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Have you ever needed to update several Windows machines without a patch infrastructure like Windows Server Update Services (WSUS)? Going to Windows Update on each and every machine can be a pain, and if the machine is air-gapped (ie: no connectivity to the Internet) then you can't even do Windows Update online but have to download each update by hand. Fortunately there is a solution for this problem, called CTUpdate.

CTUpdate is a small utility that downloads the patches for the operating system of choice (Windows 2000 / XP / 2003 / Vista / 2008, in a myriad of languages) as well as MS Office service packs and updates from Microsoft and creates an ISO which can be burned and inserted into each computer and be updated that way.

Downloading CTUpdate

Go to and download the latest Offline Update release, which is at this time version 6.4 (although the screenshots below are for version 3.22).

Using CTUpdate

Creating a update disk

Unpack the downloaded file and run the DownloadStarterGUI.exe file which will present you with a GUI which allows you to choose which version of Windows and what languages you want to download, as well as if you want to create a ISO image for CD or DVD.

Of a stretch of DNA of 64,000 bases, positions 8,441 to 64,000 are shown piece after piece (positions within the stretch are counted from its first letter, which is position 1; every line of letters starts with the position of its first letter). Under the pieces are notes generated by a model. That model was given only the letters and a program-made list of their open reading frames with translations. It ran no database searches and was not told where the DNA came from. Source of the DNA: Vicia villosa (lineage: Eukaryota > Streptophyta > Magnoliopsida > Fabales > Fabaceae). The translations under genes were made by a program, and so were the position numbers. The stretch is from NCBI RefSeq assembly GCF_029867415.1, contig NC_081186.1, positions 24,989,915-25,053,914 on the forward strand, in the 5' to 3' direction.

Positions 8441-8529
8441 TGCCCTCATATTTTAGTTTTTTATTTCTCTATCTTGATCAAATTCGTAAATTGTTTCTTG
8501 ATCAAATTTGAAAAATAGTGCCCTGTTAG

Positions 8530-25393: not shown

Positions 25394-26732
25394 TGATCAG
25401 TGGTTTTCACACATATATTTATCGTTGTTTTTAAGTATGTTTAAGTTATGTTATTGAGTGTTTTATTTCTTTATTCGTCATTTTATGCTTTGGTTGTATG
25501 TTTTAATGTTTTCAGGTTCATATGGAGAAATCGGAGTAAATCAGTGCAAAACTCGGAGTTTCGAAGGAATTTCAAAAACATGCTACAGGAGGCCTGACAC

After choosing Windows version(s) and language(s) you want to download the patches for, as well as if you want to create an CD or DVD-sized ISO image at the end just click the "Start" button to start the download.

After the download is completed, which can take quite a while first time you run it, it will create the ISO image that you can burn to a CDR / DVDR.

After the ISO creation is complete a popup message box will notify you that it has completed.

Updating the target computer

Insert the burned CDR / DVDR into the computer. If the update application doesn't start automatically, open the device and manually run UpdateStarterGUI.exe.

The installation process will install all the updates required. If you choose to allow the updater to "Automatically reboot and recall" the computer will automatically reboot when needed, like when you upgrade service packs, it will create a own account with Administrator rights and make it auto-login at boot. Once all the patches has been installed the account will be removed from the system. I found that particular aspect of the software very interesting.

If you enable the "Show log file" option it will show you a short log about what the updater have done to the system and if it encountered any problems in the update process.

Overall it is a very nice software and it really saves your bandwidth if you re-install computers a lot or have a lot of computers to update, and as explained in the beginning if your computer is air-gapped you don't have many other options to choose from either.